One in this series of seminars conducted by The Museum of Television & Radio. This seminar was held in New York and moderated by Museum president Robert M. Batscha. The seminar explores the role the media played in the Cuban Missile Crisis of 1962. Museum television curator Ron Simon introduces the seminar, and a clip tape of relevant material from the Museum's collection is screened. The tape includes segments from the following programs and networks: CBS News Extra; ABC News Special; ABC News Nightline; and NBC White Paper. Batscha introduces the panel: Donald M. Wilson, a former member of President John F. Kennedy's National Security Council; Richard C. Hottelet, a United Nations correspondent for CBS; Sander Vanocur, political reporter; Edmundo Desnoes, author and former participant in the Cuban revolutionary government; and Jane Franklin, historian and author. Each panelist makes opening statements regarding the "Thirteen Days" of the Cuban Missile Crisis. The panelists continue their discussion, and cover the following topics, among others: the background of the Missile Crisis; Cuban leader Fidel Castro's repeated exploitation of television as a means of propaganda; the lack of information available to the press after Kennedy's television address about the Crisis; Operation Mongoose, the U.S. government's covert attempt to sabotage Castro and his government; the work of Pierre Salinger and Adlai Stevenson in Kennedy's administration; problems that result from too much secrecy in a government; the importance of being critical of the press; and the many differences in press coverage of the Kennedy administration and the George W. Bush administration. The panel takes questions from students who are viewing the seminar live via satellite at the University of Missouri at St. Louis, the University of Arkansas at Little Rock, Ohio University, Bowling Green State University, and Southern Illinois University. While responding to the questions, the panelists cover the following topics, among others: coverage of current events in the media today; Voice of America, the U.S. government-funded broadcasting network; the U.S. government's lack of dialogue with the Cuban people before, during, and after the Missile Crisis; whether the embargo on Cuba should be lifted; and advice for aspiring journalists. Biographies Edmundo Desnoes was an active participant in the Cuban revolutionary government for nearly twenty years. As a central figure in Cuba's cultural arena, he worked in publishing for the Ministry of Education and directed the graphic arts department for La Comisi—n de Orentaci—n Revolucionaria, the propaganda branch of the government. He published his first novel, "No Hay Problema," in 1964, followed by such other works as "Memories of Underdevelopment" and a book of essays, "Punto de vista," which included an appraisal of Fidel Castro. Desnoes defected in 1979 and has since taught at several colleges, including Dartmouth, and has published an anthology of Cuban literature. Jane Franklin is a writer and historian whose recent work has focused primarily on Cuba. She is the author of "Cuba Foreign Relations: A Chronology, 1959-1982" and "Cuba and the United States: A Chronological History." Since 1979 she has been an editor and contributing editor for Cuba Update, the magazine of the Center for Cuban Studies, and is a frequent commentator on Cuba on both radio and television. Richard C. Hottelet was CBS's United Nations correspondent at the time of the Cuban Missile Crisis, and he worked for the U.N. from 1985 to 1987. He began his career as a correspondent for the United Press inside Nazi Germany. While there he was arrested by the gestapo on charges of espionage, but was exchanged for a Nazi newsman being held by the United States. In 1944 he joined CBS as a correspondent in Edward R. Murrow's London Bureau. He also moderated National Public Radio's "America and the World" from 1989 to 1995. Sander Vanocur joined NBC news in 1957 and eventually became White House Correspondent, a position he held at the time of the Cuban Missile Crisis. While at NBC Vanocur was also Washington correspondent for the "Today" show, a contributing editor to the "Huntley-Brinkley Report," and host of the monthly magazine program "First Tuesday." From 1977 to 1991 he was with ABC, where his assignments included floor reporter for the 1980 and 1984 Republican and Democratic conventions, as well as anchor of the first weekly business program on network television, "Business World." He left ABC in 1991 to form his own company, Old Owl Communications, a full service communications and consulting corporation. Donald M. Wilson was the acting director of the United States Information Agency and a member of the Executive Committee of the National Security Council at the time of the Cuban Missile Crisis. He later served as general manager of Time-Life International and associate publisher for Life magazine, and served as corporate vice president of public affairs for Time Inc. from 1969 to 1989. He is currently the publisher of NJBIZ, a newspaper he created with George Taber in 1988, that covers New Jersey business. Wilson has served as vice president of The Independent Journalism Foundation for the past eleven years.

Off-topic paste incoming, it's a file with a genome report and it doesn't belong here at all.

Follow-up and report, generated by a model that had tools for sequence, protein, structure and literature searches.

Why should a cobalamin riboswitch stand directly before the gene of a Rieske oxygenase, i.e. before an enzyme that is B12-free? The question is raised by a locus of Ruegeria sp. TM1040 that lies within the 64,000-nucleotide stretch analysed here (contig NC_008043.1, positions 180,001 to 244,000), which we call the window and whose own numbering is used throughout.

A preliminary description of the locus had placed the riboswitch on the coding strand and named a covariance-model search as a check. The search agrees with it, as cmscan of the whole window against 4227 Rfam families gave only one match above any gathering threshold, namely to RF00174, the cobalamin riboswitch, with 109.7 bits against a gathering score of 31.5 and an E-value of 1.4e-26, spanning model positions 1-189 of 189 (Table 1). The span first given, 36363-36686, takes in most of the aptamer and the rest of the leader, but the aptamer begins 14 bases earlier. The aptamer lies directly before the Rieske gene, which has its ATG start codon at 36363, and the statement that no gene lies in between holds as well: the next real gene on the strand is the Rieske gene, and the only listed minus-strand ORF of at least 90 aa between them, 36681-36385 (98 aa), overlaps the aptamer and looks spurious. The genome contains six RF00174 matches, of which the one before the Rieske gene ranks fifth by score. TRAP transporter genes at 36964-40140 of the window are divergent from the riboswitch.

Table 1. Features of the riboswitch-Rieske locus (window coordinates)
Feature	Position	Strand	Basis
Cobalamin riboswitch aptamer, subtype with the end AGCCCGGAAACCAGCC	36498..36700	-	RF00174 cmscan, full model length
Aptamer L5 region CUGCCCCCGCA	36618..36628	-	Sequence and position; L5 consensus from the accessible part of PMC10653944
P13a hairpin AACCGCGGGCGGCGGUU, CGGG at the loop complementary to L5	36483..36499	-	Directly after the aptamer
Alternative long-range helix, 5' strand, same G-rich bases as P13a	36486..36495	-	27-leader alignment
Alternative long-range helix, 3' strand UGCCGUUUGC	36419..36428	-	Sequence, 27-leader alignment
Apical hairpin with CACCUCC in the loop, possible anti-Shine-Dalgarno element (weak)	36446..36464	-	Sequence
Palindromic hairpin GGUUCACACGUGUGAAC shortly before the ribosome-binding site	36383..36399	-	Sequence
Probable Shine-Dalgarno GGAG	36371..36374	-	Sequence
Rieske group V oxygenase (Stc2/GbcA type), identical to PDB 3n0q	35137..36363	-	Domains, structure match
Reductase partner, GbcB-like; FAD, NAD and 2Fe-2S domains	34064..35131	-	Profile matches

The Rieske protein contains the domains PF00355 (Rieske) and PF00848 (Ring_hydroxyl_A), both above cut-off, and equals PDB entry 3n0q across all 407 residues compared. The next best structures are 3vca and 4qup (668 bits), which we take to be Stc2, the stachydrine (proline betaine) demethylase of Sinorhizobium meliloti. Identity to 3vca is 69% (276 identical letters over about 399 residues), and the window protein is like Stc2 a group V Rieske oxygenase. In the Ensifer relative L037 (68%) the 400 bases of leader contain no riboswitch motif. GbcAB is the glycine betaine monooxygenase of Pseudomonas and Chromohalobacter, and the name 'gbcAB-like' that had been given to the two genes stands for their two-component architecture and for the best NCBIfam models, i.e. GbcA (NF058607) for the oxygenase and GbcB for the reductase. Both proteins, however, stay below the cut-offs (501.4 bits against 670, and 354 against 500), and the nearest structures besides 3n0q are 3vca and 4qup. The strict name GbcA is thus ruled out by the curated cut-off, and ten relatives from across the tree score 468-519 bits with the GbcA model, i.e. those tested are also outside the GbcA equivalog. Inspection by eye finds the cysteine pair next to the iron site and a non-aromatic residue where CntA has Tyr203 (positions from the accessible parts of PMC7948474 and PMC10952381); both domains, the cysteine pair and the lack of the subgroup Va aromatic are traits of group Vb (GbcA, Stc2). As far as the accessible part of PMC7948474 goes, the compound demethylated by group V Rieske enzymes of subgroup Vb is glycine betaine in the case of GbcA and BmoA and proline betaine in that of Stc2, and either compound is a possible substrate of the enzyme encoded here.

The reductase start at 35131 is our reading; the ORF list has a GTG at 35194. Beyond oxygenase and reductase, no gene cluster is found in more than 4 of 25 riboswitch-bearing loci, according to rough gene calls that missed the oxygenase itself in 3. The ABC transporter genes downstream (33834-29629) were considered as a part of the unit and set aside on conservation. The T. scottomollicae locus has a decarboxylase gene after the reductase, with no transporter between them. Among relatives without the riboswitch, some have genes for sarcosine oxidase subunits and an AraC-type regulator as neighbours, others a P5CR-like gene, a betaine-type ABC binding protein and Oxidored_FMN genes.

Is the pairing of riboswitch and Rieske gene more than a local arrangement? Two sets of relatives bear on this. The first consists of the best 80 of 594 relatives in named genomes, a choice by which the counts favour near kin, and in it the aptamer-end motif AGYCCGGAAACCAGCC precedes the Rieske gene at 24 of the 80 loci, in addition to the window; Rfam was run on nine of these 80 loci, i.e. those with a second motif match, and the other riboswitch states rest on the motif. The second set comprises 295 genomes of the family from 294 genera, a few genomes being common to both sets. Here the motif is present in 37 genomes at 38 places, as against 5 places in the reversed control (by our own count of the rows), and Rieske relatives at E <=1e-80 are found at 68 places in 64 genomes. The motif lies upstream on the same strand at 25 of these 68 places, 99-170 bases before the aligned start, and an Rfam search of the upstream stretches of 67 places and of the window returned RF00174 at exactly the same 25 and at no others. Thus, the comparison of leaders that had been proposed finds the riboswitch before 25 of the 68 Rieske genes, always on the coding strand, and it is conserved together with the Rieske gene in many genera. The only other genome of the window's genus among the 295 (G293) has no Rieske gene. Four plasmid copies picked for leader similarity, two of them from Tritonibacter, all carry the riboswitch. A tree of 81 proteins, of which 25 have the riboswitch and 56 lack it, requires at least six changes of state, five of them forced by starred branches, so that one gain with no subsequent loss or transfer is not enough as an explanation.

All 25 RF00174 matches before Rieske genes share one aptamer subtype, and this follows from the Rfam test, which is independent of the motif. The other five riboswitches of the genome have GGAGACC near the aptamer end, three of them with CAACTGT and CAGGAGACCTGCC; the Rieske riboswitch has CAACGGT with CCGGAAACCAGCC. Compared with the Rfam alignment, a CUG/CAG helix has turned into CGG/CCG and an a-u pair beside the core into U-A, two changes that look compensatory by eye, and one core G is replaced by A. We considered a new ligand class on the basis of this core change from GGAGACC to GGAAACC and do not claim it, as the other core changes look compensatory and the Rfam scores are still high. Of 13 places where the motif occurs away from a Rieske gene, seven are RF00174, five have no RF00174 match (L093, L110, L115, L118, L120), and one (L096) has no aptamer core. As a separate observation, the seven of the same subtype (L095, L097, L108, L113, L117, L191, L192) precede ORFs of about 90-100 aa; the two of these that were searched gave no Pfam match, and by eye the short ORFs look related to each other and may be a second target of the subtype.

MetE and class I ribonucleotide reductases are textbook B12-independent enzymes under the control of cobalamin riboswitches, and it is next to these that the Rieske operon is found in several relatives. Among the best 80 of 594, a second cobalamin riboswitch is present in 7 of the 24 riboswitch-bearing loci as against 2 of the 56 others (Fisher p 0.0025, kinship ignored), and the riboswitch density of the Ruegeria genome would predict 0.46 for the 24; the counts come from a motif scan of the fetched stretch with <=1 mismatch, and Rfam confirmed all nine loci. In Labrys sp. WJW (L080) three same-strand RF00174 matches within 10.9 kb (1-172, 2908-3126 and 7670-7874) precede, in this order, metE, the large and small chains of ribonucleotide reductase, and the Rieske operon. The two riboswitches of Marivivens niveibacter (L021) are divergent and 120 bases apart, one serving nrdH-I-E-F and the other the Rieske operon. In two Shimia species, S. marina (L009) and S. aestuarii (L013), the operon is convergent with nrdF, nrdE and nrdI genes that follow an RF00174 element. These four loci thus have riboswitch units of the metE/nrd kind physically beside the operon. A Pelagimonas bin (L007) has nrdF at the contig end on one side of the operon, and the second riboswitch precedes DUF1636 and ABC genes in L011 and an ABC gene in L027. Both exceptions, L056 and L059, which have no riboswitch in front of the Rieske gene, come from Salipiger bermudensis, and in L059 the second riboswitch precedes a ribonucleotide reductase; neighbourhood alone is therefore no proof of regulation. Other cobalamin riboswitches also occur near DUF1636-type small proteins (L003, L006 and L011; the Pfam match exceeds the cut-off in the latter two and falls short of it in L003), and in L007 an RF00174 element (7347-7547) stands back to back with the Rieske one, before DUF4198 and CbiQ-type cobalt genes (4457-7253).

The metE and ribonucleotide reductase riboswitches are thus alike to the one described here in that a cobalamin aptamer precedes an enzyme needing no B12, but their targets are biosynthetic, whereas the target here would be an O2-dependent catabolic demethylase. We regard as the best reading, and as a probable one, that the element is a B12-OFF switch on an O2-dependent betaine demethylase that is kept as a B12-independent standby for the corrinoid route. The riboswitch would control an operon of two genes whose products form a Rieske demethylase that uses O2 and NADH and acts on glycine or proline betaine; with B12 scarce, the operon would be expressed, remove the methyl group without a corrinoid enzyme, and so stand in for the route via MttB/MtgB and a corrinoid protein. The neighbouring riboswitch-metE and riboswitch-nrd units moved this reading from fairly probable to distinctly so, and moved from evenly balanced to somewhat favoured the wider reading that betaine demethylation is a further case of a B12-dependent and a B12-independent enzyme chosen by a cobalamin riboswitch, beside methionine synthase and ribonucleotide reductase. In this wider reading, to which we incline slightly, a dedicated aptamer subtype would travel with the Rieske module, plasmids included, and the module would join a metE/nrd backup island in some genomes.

• DATE: October 22, 2002 Tuesday 7:30 PM
  • RUNNING TIME: 1:26:44
  • COLOR/B&W: Color
  • CATALOG ID: T:73033
  • GENRE: Seminars


    • Robert M. Batscha … Moderator
    • Edmundo Desnoes … Panelist
    • Jane Franklin … Panelist
    • Richard C. Hottelet … Panelist
    • Sander Vanocur … Panelist
    • Donald M. Wilson … Panelist
    • George W. Bush
    • Fidel Castro
    • John F. Kennedy
    • Pierre Salinger
    • Ron Simon
    • Adlai Stevenson